BETTER LATE THAN NEVER
In your column of December 6 you dealt with the argument that the 16th Amendment (income tax) was never properly ratified because Ohio was not a state of the union. You mentioned that the IRS referred you to the Porth case and that it "didn't specifically address the Ohio argument." Well, there have been court decisions that specifically addressed the Ohio argument. I enclose a copy of Knoblauch v. Commissioner of Internal Revenue (Fifth Circuit 1984), 749 F2d 200 [etc].
--Bernard Sussman, Bethesda, Maryland
Got a lot of mail about this, much of it actually pretty intelligent, which I hope is a trend. But first let's review. The Ohio argument, a favorite of tax resisters, goes like this:
(1) Congress neglected to ap-prove Ohio's application for statehood in 1803, though the territory had complied with the previously established requirements. The oversight wasn't discovered until the Ohio sesquicentennial in 1953, at which point the state sent a new application to Congress. This was duly approved and made retroactive to 1853. However:
(2) Retroactive legislation, tax resisters claim, is prohibited by the U.S. Constitution, which forbids ex post facto laws. Therefore Ohio wasn't a state until 1953.
(3) President Taft, during whose administration the 16th Amendment was introduced, was born in prestatehood Ohio. So he wasn't a natural-born citizen and couldn't legally be president.
(4) Since Taft wasn't legally president, his administration couldn't legally introduce legislation, including the 16th Amendment. As a result the 16th Amendment is invalid. Therefore:
(5) We don't have to pay income tax.
Yeah, right, you say. Me too. However, when I called the IRS, they referred me to Porth v. Brod-rick, which doesn't specifically address the Ohio argument. An admittedly cursory search of case law also failed to turn up anything. So while we knew in our hearts that the Ohio argument was off the wall, we didn't have any cases specifically refuting it.
Enter Bernard, above. He cites two cases: Knoblauch and Bowman v. Government of the United States. Knoblauch does address the Ohio argument, but in support it merely cites earlier cases in which said argument was rejected by the courts. Turning to the earlier cases, one finds the following declarations:
(1) In previous cases having nothing to do with the Ohio argument we upheld the constitutionality of the 16th Amendment, so too bad for you, Bobo.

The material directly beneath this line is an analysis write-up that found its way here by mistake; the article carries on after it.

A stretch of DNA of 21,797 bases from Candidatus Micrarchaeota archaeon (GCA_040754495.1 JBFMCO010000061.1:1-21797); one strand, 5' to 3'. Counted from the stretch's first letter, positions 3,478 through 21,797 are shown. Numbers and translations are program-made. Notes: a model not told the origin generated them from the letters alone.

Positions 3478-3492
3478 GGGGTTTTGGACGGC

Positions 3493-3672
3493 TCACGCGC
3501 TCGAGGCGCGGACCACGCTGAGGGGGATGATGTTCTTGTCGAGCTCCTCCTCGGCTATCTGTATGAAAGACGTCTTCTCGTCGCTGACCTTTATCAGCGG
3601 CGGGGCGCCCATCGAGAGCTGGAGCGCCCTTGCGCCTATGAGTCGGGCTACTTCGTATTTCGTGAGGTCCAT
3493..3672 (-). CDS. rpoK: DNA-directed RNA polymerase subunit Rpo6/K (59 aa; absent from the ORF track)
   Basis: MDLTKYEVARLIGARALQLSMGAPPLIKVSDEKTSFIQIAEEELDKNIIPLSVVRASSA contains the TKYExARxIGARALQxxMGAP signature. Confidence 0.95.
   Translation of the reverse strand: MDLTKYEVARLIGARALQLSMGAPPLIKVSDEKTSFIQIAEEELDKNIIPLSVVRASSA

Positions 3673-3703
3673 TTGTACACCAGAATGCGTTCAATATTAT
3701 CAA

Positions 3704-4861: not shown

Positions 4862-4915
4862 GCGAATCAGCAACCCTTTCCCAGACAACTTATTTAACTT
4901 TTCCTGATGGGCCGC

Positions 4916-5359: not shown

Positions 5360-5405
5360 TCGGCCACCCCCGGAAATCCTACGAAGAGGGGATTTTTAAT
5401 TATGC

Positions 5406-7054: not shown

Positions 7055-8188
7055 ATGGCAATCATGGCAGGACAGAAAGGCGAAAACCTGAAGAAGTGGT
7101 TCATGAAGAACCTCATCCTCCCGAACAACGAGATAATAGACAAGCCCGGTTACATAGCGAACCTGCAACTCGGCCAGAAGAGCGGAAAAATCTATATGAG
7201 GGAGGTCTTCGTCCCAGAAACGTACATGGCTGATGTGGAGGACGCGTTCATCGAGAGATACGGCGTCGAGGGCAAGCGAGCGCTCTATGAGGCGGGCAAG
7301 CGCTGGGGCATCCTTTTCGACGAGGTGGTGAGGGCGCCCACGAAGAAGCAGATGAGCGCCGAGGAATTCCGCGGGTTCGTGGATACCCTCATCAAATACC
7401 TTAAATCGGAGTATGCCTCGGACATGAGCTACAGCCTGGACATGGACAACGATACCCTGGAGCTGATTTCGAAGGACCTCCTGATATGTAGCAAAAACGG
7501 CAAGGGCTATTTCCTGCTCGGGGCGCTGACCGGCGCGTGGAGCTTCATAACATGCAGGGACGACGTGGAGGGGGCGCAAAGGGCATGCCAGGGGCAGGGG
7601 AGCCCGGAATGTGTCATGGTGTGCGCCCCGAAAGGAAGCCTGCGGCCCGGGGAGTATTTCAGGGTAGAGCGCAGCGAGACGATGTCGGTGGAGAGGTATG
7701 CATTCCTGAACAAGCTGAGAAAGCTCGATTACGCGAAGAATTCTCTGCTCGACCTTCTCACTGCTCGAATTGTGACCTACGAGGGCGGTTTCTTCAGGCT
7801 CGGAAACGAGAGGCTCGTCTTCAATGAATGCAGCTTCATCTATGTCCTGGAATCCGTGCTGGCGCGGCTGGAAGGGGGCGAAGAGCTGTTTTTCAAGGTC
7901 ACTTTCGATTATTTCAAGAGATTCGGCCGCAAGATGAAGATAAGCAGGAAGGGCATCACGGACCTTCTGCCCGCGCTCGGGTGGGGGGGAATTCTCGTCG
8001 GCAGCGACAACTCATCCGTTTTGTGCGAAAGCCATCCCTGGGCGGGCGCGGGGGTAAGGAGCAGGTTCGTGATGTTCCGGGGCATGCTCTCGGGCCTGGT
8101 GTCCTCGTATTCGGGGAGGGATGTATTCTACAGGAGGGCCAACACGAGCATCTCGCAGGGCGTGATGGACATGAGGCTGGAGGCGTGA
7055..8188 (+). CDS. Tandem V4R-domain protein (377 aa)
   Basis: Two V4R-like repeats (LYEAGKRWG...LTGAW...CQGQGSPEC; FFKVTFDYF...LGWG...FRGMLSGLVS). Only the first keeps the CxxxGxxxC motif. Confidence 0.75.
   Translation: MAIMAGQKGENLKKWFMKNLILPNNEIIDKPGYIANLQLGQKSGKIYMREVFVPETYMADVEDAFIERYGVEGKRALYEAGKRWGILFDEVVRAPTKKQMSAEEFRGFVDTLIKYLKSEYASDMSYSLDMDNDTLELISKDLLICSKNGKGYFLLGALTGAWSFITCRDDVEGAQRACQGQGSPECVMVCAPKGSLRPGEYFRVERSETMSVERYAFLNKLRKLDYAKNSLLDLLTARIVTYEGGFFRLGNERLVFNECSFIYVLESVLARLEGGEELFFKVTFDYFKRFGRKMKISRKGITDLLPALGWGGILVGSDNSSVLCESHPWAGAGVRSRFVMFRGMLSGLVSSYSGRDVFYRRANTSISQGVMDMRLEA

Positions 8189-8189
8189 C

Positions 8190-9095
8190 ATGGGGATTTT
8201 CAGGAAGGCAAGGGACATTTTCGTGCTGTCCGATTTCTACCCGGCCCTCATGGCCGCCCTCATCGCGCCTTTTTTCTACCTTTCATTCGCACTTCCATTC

(2) Since 1803 everybody had assumed that Ohio was a state, and we don't feel like upsetting the apple cart now.
Bowman deals with the issue in greater depth, but its finding boils down to: we ain't messin' with this one, Jack. Take it up with Congress.
Cecil understands that the courts don't want to open the door to substantive review of the Ohio argument, lest they be inundated by clowns seeking to have the government dissolved due to clerical error. Still, one can't help thinking the preceding arguments, while they may be legally solid, aren't exactly satisfying.
The Teeming Millions (well, dozens) to the rescue. As Cecil suspected, and as he certainly would've demonstrated had he the space and that law clerk he's been asking for, the Ohio argument can be refuted point by point, to wit:
(1) The ban on ex post facto laws refers only to criminal matters. Case law, 1798. Ohio's retroactive admission to the union was OK.
(2) Persons born in U.S. territories--not just in states--are U.S. citizens. E.g., Puerto Rico. So Taft was a natural-born citizen and could legally serve as president.
(3) Even if he wasn't, so what? Presidents don't introduce constitutional amendments; members of Congress do.
(4) Ohio was a state even without the 1953 resolution. The statehood admission process was somewhat casual in 1803; it required no formal resolution of admission.
Whew, you say. The republic saved again. Not that this'll stop the tax resisters. Some have argued against the income tax on the grounds that the IRS is an "establishment of religion." Taft not a citizen of the U.S.? These people aren't citizens of earth.
Art accompanying story in printed newspaper (not available in this archive): Illustration by Slug Signorino.